"The goal of the gardens were to integrate edibles that expressed the flavors generated from the soils and climate of the estate, as well as highlight the owners, Lyn and Anisya Fritzs, concern with the environment. They wanted a landscape that expressed their enthusiasm and love for the site and the artistry of the wines. The main focus of the gardens are the edible gardens around the tasting room. There are also extensive habitat gardens edging the vineyards- to attract beneficial insects to attack insect pests, but also support the many native organisms that live in or move through the estate which is next to the Laguna De Santa Rosa. Interspersed around the landscape are vegetable production gardens to supply food for the kitchen. All plantings are organically managed. Eytan Nevah is the garden supervisor who sees to the day to day management of the gardens."

This is the view toward the Laguna de Santa Rosa in May.

   So I will end this piece, and allow my photos do the talking. Each visit to Lynmar Estate feels like a mini-vacation to me. My soul feels renewed by the beauty of this place that I have come to love. After I have sipped amazing wine, wandered throughout the garden to my heart's satisfaction, and taken a least a hundred photos, my burdens feel less heavy somehow. I have the awareness that I have been touched by a piece of wise and precious Earth magic that is expressed in a riot of color, forms and fragrance. I encourage you to pay a visit to Lynmar Estate when in the area, and when you do—please be nice to the kale and cabbages.

Delicate yet majestic purple statice.
A blackbird about to launch into flight among the grape vines.
There is a chicken coop with a collection of exotic specimens and one very noisy rooster.

Just after the berries have set on the grape vines.
The fruit is reaching maturity in mid-summer.
Mark and I love this old truck that often has the bed loaded with straw for the garden.

This photo never fails to make me laugh… Maddie photo bombs me!

Mark's Classic Potato Gratin with Black Truffle
(Black Truffle is Optional)

   This is a classic potato dish that Mark likes to make as an alternative to Michelle's Cheesy Scalloped Potatoes. Since potatoes are one of my favorite foods, and in my humble opinion, one of God's greatest gifts to humankind (are my Irish roots showing?), I am always figuring out new ways to prepare them, like our Oven Duck Fat Fries. In addition, there is our essential and "can't imagine life without" Michelle's Mashed Potatoes. This Potato Gratin is a dish that Mark picked up from his friend and mentor, chef Rick Boufford.
   This past December, I was able to purchase some black truffles from Europe. Mark and I had lots of fun using the truffles in risotto and other assorted dishes, and this potato gratin was one of them. It is a delicious side, whether you use the black truffle or not.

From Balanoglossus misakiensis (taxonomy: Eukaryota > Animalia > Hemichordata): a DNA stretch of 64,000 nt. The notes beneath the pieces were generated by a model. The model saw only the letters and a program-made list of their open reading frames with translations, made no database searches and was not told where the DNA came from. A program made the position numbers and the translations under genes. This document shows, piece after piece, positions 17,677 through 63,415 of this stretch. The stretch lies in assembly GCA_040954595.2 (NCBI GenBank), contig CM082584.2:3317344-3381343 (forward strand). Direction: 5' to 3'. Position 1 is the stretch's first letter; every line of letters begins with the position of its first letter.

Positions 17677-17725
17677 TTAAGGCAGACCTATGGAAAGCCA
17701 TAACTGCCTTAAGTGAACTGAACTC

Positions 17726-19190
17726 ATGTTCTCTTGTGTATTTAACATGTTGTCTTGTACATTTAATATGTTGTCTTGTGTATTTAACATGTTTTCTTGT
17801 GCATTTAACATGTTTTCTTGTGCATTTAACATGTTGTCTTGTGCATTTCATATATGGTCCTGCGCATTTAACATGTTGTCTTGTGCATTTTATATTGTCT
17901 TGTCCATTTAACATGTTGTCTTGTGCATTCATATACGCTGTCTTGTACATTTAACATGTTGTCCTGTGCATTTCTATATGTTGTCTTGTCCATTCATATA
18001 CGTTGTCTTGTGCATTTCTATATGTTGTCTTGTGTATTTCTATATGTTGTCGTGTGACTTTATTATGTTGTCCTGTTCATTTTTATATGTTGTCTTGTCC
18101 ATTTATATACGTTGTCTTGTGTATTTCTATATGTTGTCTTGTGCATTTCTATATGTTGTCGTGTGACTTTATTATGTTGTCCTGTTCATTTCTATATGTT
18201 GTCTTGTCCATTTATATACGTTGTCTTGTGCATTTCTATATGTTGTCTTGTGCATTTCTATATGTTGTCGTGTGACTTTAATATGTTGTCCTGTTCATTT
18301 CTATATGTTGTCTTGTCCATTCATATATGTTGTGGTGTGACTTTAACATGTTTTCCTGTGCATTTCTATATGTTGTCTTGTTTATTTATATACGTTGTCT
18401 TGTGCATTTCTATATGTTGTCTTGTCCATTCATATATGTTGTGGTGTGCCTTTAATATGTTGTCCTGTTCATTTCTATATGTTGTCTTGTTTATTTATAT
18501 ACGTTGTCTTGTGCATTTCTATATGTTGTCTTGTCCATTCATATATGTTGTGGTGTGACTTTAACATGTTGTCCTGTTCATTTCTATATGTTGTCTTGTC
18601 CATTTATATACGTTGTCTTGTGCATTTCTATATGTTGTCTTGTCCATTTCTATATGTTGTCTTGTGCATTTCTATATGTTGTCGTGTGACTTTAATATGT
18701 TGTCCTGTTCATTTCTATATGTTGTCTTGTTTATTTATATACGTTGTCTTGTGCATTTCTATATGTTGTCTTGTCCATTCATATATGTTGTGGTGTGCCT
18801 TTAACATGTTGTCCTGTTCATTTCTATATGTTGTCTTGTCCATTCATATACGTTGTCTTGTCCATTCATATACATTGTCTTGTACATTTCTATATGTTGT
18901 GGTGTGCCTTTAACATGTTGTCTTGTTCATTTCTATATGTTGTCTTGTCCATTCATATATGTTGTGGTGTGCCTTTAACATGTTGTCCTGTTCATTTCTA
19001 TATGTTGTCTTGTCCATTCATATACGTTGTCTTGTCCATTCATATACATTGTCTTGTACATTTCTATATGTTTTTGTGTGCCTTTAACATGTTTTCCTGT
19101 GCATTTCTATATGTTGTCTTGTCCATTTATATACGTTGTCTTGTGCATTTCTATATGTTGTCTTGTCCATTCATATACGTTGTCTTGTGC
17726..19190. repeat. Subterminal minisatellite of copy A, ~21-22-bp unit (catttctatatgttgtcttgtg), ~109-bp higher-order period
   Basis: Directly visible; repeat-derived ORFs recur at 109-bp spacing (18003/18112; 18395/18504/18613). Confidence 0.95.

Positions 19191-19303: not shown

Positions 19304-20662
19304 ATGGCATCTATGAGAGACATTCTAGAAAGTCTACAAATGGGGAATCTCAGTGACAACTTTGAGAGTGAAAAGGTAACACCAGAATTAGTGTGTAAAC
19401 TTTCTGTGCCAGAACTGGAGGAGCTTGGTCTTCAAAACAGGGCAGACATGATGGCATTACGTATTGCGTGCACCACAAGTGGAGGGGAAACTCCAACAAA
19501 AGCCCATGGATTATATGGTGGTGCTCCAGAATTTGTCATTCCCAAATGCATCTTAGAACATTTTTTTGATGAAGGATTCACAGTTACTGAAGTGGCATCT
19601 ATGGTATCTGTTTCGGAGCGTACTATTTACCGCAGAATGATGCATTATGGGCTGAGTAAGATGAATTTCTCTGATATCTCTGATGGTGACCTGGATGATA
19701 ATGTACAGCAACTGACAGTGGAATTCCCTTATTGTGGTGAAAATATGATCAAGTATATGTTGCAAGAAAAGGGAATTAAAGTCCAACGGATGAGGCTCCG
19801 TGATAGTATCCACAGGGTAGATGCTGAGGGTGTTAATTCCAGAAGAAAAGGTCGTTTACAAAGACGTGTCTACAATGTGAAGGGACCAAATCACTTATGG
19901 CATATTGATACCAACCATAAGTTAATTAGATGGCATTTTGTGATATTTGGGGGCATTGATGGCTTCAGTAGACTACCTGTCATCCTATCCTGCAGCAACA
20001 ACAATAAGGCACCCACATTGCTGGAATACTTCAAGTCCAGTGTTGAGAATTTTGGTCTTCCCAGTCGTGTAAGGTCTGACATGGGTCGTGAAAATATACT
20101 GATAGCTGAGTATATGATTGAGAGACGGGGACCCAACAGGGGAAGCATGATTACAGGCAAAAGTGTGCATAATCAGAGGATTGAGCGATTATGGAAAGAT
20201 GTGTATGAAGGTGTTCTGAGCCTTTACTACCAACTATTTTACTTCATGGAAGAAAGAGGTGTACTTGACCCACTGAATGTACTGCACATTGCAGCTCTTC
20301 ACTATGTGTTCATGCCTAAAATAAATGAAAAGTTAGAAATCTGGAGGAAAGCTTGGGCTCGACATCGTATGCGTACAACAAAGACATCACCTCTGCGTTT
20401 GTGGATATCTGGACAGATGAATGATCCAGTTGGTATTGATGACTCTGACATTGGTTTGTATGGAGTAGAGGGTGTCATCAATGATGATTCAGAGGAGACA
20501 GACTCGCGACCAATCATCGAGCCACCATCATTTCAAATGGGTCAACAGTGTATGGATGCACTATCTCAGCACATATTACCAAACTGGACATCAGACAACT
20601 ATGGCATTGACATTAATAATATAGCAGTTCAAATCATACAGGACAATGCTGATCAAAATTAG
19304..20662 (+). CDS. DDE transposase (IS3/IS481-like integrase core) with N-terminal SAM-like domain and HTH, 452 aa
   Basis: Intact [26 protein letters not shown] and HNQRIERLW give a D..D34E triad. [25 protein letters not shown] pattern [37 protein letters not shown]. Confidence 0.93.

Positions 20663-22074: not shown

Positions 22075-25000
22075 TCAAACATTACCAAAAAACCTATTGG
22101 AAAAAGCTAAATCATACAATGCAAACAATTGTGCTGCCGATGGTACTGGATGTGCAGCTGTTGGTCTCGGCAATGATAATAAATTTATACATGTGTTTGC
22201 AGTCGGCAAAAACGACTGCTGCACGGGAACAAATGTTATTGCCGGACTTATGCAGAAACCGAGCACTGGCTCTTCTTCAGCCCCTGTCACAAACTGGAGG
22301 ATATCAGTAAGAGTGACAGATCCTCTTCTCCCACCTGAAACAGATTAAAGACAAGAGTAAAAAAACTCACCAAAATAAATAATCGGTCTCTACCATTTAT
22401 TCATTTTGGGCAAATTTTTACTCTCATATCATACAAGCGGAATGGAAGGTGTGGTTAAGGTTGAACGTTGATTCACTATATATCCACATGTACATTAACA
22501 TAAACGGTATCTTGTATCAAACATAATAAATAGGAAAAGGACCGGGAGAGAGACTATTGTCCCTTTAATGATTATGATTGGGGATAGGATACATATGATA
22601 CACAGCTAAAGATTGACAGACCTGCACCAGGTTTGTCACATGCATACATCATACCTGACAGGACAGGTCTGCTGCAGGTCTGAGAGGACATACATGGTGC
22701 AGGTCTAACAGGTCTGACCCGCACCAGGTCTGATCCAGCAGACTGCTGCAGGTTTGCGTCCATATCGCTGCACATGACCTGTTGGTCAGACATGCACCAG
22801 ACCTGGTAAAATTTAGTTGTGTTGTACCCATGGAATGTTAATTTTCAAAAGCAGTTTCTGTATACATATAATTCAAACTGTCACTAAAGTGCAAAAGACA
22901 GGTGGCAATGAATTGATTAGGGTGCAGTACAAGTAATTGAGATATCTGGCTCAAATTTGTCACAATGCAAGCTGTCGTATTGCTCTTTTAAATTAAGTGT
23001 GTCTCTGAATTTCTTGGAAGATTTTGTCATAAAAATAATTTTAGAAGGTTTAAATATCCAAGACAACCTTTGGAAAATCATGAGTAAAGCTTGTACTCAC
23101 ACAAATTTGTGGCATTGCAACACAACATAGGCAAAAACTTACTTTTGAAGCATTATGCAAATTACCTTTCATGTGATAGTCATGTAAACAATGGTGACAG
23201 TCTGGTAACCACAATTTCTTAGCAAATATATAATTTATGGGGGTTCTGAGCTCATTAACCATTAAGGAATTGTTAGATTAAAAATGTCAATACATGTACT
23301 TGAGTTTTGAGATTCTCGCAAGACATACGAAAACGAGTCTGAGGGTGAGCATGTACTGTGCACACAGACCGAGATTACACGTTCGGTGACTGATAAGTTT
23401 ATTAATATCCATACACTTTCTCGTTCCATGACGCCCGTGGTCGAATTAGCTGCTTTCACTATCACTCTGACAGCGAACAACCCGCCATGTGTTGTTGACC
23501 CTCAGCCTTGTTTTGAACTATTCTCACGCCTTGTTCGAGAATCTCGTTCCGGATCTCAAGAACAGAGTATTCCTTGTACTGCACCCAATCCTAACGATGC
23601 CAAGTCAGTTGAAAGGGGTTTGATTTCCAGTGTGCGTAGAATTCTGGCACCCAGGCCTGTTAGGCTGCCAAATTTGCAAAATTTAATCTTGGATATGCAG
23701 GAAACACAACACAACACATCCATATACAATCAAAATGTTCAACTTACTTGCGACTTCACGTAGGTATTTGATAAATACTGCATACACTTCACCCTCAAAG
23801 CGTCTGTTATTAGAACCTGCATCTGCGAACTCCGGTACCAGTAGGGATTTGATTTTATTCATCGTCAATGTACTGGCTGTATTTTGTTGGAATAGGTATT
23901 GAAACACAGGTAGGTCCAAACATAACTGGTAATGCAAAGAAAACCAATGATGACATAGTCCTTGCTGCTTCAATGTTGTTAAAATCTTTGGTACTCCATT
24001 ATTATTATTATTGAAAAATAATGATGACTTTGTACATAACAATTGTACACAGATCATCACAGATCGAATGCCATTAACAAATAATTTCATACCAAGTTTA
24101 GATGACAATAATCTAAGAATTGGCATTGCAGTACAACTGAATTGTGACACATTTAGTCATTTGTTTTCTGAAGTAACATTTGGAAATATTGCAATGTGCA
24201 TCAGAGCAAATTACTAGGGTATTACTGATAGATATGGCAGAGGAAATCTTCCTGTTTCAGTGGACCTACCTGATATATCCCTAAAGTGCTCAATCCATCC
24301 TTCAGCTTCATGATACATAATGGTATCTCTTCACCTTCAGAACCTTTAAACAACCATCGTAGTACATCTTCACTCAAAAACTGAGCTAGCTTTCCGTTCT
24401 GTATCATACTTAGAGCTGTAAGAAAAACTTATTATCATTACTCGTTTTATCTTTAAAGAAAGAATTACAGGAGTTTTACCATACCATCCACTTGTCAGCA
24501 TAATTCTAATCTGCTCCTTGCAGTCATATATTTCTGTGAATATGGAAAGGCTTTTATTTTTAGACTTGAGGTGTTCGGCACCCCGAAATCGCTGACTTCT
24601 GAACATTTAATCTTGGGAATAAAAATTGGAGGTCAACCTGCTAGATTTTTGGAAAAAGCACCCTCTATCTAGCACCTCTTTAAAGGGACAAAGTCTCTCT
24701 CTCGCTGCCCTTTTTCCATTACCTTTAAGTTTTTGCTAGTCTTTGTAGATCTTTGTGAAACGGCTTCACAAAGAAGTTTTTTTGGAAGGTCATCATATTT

If using a truffle, carefully peel the black outer bark from the exterior. 
Then shave with a very sharp knife or a truffle shaving tool.
4 Tablespoons butter
1 teaspoon olive oil
2 pounds russet potatoes, washed and peeled
4 small leeks or two larger leeks, washed and chopped
2 garlic cloves
4-5 sprigs of fresh thyme leaves
3/4 cup each of grated sharp Cheddar and Gruyère
1/2 cup grated Parmigiano-Reggiano
2 cups heavy cream
Salt and pepper

1 Black truffle (optional)

1. Pre-heat oven to 350 degrees.

2. In a 9x13 inch baking dish, use one tablespoon of butter to rub the sides and bottom of the dish. Take one clove of garlic sliced in half to rub over all sides of the dish on top of the butter. Then mince all of the garlic. In a large sauté pan, heat the remaining three tablespoons of the butter and one teaspoon of olive oil over medium heat.  Add leeks and minced garlic and sweat gently until softened, being sure not to brown them. Set aside to cool.

3. Using a mandoline slicer, slice potatoes thinly (about 1/8 of and inch thick).  Pour 1 1/2 cups of cream over the potatoes to keep from discoloring.  

Mandolines can be dangerous if used without the safety guard in place.
Prep your cheeses and herbs. Season the potatoes in cream with 
Celtic sea salt and freshly cracked ground black pepper.
If using black truffle, peel and then shave into thin slices. You may
not need to use the entire truffle depending on the size.

4. Assemble the gratin starting with a layer of single potato slice, slightly overlapping.

5. Then lightly, but evenly spread 1/4 of the sautéed leeks over the potatoes, followed by some of the cheddar and some of the grated gruyere. Sprinkle some of the thyme leaves and salt and pepper and truffle slices if using.

6. Repeat until the pan is filled or potatoes are used.  From the bowl containing the soaking potatoes, pour in the remaining cream. Press gratin in the baking dish gently to distribute the cream in all layers. 

Mark grates fresh Parmigiano-Reggiano over the top of the finished casserole.
Ready for the oven.
7. Add remaining 1/2 cup cream and press again. Top with the grated Parmigiano-Reggiano and bake in oven, uncovered for about one hour. If desired shield the top casserole with another cookie sheet placed on a rack above the casserole. See that technique demonstrated in a photo by clicking here. Remove shield for the last 20 minutes of baking time.

8. The gratin is finished when the potatoes are cooked through and set, and all is bubbly and golden brown deliciousness.